London

Jamaican Olympian Arthur Wint honoured with plaque

Arthur Wint (left), wins the Summer Olympic 400-metre dash at Wembley Stadium in England, leading his teammate Herb McKenley (right) who finished second
Image caption Arthur Wint won the 400-metre dash at the 1948 London Olympics

A plaque has been unveiled in London for a man who was the first Jamaican to win an Olympic gold medal and one of a "handful of Caribbean fighter pilots".

Arthur Wint, an inspiration for sprinter Usain Bolt, died 20 years ago to the day.

The tribute is at his home at 22 Philbeach Gardens in Earls Court, where he lived from 1949 to 1960.

Jak Beula who organised it called him "a complete force of nature, a superhuman".

'A phenomenon'

Mr Beula said: "He is probably still Jamaica's most celebrated athlete and we've produced a lot of great athletes. He was a phenomenon, a monster.

"He goes to Canada aged 22, teaches himself to fly and then comes to the mother country to volunteer to fly in World War II, one of a handful of Caribbean fighter pilots."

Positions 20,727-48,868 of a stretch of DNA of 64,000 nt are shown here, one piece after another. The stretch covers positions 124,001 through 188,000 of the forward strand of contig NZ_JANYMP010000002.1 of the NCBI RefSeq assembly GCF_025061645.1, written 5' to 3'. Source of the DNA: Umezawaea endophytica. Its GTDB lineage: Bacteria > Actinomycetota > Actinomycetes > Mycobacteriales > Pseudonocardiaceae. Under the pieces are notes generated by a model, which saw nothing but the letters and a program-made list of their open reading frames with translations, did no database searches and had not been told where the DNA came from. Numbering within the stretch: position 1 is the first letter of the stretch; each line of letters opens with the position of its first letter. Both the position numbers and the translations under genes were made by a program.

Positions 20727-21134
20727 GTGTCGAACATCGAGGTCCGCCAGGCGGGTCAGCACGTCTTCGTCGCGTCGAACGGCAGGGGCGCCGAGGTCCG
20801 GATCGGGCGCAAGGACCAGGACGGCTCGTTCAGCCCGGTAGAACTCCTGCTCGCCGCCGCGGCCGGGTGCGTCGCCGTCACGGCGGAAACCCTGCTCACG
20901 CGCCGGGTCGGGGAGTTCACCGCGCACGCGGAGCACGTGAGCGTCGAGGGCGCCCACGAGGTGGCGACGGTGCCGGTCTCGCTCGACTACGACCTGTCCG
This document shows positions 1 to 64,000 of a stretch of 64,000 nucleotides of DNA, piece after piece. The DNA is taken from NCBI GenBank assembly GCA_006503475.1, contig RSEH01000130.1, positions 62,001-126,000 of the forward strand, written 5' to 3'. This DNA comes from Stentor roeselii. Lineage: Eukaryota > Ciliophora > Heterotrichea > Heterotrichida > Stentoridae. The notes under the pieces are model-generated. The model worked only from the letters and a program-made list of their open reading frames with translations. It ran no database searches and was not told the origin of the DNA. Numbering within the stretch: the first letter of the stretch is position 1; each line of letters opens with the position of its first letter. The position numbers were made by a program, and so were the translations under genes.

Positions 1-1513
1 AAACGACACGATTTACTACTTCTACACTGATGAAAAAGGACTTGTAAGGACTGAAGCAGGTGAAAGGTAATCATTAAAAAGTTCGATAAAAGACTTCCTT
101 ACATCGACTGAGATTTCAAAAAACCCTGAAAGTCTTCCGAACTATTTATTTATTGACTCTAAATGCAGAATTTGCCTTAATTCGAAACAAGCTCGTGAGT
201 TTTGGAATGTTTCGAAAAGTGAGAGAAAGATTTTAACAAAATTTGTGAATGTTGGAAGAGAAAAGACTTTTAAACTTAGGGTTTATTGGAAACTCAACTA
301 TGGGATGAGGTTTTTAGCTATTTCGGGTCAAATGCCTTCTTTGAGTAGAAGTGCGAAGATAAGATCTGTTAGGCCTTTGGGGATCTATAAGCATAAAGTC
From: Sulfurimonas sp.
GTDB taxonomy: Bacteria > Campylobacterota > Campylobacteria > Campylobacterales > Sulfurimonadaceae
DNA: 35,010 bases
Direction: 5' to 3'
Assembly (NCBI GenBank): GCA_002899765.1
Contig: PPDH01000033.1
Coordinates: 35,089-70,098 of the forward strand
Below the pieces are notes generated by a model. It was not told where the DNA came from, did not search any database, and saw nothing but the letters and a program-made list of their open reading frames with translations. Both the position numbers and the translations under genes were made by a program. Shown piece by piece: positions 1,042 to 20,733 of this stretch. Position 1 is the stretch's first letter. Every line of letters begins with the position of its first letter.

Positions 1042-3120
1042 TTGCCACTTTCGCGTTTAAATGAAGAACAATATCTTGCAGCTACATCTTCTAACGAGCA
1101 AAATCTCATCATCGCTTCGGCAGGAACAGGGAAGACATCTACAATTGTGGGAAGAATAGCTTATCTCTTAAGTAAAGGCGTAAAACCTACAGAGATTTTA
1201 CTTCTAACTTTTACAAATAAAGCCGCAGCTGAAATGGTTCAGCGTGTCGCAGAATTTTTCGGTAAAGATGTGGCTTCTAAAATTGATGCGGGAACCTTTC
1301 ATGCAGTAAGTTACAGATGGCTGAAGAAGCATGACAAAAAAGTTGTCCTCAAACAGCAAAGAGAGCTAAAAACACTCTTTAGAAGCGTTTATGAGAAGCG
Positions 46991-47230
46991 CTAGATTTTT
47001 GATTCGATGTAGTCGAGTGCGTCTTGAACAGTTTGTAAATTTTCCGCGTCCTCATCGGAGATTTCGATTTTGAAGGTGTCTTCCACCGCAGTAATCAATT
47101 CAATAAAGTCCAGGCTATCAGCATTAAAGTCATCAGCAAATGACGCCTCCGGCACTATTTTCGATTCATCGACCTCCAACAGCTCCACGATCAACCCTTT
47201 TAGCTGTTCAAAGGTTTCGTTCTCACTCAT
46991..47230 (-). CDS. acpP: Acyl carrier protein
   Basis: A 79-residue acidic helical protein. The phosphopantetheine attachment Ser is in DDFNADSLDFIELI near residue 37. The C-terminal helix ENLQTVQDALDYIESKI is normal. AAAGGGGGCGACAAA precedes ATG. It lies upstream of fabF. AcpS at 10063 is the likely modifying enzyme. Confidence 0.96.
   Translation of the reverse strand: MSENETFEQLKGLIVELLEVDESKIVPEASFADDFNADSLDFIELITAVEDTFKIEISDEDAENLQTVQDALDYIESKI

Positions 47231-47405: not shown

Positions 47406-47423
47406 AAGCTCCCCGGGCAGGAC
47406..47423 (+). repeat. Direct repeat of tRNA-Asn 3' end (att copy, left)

Known as the Gentle Giant, 6ft 4in Wint was 28 when he won his historic gold in the 400-metre dash at the 1948 London Olympics.

He had already seen active combat as a Royal Air Force pilot during World War II.

In 1954, he was made a Member of the British Empire.

He went on to serve as Jamaica's High Commissioner to Britain and ambassador to Sweden and Denmark from 1974 to 1978.

The unveiling of the plaque was attended by Aloun Ndombet Assamba, Jamaica High Commissioner to the UK, Mr Wint's daughter, Dr Alison Wint and the Mayor of Kensington and Chelsea Councillor Christopher Buckmaster.

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